The National Institute of Health’s National Institute of Diabetes & Digestive & Kidney Diseases says that about half of all women with gestational diabetes go on to develop type 2 diabetes.
That’s the NIDDK’s focus during National Diabetes Month, which is observed each year in November: to raise awareness of type 2 diabetes among mothers who suffered from gestational diabetes.
While gestational diabetes, which develops during pregnancy, often goes away after the baby is born, the mother’s lifetime risk of type 2 diabetes goes up. And the increased risk doesn’t stop with the mother. The child, too, has an increased risk of obesity and type 2 diabetes.
Assessing Your Risk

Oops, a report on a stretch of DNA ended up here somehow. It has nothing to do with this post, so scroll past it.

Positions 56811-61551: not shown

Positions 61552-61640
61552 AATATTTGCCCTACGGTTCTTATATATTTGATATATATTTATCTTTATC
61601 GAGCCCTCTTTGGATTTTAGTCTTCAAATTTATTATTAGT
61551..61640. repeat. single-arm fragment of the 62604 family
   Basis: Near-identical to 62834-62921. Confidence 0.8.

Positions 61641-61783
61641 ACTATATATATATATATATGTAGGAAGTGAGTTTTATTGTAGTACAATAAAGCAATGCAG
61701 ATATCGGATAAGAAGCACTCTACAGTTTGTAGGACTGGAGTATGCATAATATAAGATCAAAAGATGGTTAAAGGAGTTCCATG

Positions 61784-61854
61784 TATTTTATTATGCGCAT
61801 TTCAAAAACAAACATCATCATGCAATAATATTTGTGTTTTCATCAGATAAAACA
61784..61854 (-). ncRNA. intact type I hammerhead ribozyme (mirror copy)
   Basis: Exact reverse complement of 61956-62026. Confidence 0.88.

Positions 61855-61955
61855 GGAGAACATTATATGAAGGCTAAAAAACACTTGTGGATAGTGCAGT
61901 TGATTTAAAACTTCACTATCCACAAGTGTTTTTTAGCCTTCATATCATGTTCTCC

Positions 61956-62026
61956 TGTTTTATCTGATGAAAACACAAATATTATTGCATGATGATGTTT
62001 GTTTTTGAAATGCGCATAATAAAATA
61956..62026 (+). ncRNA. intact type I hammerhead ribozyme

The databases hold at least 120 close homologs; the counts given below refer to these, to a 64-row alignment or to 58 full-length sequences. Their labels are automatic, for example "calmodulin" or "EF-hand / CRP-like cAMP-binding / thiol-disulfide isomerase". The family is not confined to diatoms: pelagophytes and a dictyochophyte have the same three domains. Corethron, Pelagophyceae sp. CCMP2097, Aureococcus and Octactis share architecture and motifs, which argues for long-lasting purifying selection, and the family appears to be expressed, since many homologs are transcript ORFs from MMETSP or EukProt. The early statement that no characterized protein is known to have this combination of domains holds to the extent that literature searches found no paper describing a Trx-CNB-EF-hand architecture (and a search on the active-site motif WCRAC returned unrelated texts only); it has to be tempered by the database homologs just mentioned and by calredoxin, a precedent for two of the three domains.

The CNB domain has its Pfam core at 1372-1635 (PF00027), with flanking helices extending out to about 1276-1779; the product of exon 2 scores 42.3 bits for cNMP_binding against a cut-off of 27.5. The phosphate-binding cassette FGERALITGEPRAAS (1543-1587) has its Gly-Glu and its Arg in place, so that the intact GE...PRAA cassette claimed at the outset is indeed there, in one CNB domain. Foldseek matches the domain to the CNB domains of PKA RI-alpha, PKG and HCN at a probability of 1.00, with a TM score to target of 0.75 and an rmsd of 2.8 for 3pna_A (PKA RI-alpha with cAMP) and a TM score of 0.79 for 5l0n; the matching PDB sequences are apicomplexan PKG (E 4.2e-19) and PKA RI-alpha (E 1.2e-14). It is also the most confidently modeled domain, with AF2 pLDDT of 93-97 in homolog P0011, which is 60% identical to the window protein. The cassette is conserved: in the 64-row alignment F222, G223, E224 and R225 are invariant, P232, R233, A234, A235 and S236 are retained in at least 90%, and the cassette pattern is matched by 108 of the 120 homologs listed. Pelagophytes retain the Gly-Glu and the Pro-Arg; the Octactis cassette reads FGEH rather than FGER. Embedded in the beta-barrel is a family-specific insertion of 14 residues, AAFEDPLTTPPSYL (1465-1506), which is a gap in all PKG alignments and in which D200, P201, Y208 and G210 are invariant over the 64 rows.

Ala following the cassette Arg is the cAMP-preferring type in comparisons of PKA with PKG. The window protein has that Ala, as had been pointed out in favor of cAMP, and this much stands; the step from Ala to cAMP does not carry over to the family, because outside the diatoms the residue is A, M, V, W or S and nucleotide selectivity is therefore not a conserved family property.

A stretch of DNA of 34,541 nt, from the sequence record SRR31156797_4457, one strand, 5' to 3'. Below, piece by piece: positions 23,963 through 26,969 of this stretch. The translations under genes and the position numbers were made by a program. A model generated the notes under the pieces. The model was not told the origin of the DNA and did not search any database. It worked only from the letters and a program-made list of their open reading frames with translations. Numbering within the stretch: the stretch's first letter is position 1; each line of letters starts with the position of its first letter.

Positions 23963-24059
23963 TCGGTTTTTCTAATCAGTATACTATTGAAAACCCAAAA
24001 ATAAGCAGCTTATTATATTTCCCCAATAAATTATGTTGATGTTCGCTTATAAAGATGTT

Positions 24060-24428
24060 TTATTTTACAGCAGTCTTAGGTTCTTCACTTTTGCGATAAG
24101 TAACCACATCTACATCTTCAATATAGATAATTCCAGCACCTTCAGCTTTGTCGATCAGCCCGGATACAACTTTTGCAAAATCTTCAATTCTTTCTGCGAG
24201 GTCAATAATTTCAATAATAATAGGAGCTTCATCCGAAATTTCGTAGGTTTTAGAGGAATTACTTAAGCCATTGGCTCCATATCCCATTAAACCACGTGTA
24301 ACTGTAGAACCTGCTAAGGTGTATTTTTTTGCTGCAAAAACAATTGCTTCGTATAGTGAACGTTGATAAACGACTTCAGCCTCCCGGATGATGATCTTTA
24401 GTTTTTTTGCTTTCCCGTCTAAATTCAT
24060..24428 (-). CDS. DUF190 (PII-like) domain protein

The NIDDK advises women who’ve had gestational diabetes to get tested for type 2 diabetes within 12 weeks after their baby is born. A family physician can accurately test for diabetes with an A1C test, a blood test that measures the body’s average blood glucose levels over the past three months, or may opt for a simple finger prick to detect abnormal blood glucose levels. If the test is normal, women who had gestational diabetes should be retested every three years.
Additionally, if you had gestational diabetes, your child’s pediatrician should be aware. The doctor may choose to monitor your child more closely for signs of diabetes.